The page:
Saturday, January 12

Kiss Naples Goodnight

Ahhh...Naples is known for its incredible tradition of folk songs, and, is the home of one of my most favorite Italian singers, jazz artist, Pino Daniele. Not only has Napoli inspired arias, folksongs, dance, poets, artists and writers, to make up their own heritage, but many artists have set their tunes to lovely Naples by the Mediterranean Sea.
Louis Prima, another favorite of mine (and not least for being the inspiration for and the actual voice of King Louie in Disney's The Jungle Book, is making a comeback these days. I thought it appropriate, since he was born and raised in that other unfortunate place by the sea, New Orleans, to use him for my very own tribute to lovely Napoli.

Please note: the lyrics have been altered slightly but the beat remains the same:

Buona Sera, signorina, buona sera
It is time to say goodnight to Napoli
Though it's hard for us to whisper, buona sera
with the noise coming from the military

In the mornin' signorina we'll go walkin'
‘Round the mountains of the trash to see the light
And by the little jewelry shop we'll not stop to linger
‘cuz you have to hold your nose with your ring finger

But in the meantime let me tell you that I love you
Buona sera, signorina kiss Naples goodnight

Buona sera, signorina kiss Naples goodnight

I was based overlooking New York Harbour when the now-infamous Garbage Barge came passing through again and again...Check this out.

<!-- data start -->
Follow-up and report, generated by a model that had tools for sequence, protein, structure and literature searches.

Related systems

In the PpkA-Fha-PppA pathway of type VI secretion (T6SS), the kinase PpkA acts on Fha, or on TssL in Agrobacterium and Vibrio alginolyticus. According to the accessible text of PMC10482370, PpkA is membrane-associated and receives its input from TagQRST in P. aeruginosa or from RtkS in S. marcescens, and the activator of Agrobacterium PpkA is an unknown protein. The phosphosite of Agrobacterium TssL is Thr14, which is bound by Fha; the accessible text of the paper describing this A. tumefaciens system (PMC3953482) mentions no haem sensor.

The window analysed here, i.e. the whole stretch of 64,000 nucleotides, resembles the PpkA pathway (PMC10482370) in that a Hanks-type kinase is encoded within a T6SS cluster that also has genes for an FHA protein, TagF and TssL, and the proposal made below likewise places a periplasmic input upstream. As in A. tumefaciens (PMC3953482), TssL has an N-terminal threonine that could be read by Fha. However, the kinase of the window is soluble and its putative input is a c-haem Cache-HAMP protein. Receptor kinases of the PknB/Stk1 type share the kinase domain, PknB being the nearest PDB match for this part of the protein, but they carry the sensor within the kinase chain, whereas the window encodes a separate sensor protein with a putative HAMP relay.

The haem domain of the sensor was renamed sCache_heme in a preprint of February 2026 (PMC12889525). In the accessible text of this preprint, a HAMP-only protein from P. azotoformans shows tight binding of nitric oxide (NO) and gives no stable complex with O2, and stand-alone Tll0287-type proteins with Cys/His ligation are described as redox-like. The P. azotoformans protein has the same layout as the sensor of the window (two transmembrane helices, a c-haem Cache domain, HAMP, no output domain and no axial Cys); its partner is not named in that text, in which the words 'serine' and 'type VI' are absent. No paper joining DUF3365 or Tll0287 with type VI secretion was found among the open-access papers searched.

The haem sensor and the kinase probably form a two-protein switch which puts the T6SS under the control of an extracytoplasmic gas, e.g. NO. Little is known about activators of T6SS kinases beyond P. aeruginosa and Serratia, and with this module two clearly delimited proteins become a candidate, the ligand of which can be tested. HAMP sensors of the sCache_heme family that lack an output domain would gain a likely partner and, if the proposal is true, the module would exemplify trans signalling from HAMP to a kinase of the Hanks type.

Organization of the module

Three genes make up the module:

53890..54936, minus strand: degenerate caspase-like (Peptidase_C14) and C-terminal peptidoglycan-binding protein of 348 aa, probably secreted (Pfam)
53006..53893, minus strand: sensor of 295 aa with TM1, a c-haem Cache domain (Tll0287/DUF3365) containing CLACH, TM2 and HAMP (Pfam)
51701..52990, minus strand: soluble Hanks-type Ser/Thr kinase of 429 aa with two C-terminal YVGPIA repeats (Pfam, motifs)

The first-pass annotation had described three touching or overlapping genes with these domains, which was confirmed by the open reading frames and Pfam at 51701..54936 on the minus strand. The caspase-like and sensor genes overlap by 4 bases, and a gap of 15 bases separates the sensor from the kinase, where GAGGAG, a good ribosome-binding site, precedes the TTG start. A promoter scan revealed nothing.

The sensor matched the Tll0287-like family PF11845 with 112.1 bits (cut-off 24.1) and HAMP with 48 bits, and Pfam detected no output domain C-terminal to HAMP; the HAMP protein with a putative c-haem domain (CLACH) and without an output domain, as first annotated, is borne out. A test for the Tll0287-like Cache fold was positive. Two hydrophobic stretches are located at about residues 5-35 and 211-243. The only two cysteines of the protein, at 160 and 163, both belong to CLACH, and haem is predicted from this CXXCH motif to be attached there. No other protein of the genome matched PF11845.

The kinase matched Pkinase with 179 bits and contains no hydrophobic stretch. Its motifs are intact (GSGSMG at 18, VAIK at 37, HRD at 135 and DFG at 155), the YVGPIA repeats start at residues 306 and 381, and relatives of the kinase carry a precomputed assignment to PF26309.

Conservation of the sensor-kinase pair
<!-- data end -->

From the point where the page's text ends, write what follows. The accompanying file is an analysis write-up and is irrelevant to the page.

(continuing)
Napoli Bis

Well, after delving into the foreign press, a little more apt to give you the 5W's than our Italian journalists, I finally got a quick rundown on the situation down in Campania, and offer you here my own answers to my own questions on the topic of garbage removal along with a few more spurious observations:

- Why'd the garbage back up in the first place?
What: While it looks like the dumps are simply full (they are), it's due to a simple lack of recycling plants, incinerators, and land fills.
Dietrologia/What's Behind It: The conspiracy theorists say that since the illegal (read: mafia/camorra controlled) dumps profit from these 'overflows', well, there may be an interest in a back log.
Quickie solution: the army is hauling the stuff to pits or someplace. Still near residents, no doubt, but at least free from illegal dumping of toxic waste.
New Solution: While they're talking about building new treatment plants (obviously not a short-term solution), some say they create energy, while others say they cause cancers (my vote: the latter), it would appear that Landlocked Switzerland with less land mass than Italy might take the stuff for recycling and energy and all those good things...
This begs a question I won't even bother posing.

- Why is everyone against the incinerators, etc.
What: Basically, due to a mistrust in government and local agencies (wonder why??)
Dietrologia/What's Behind It: I've since discovered after reading some insightful reports from the foreign press that contracts are won but then the toxic waste is merely dumped anywhere or in illegal dumps, which would explain why no one wants a dump near their homes.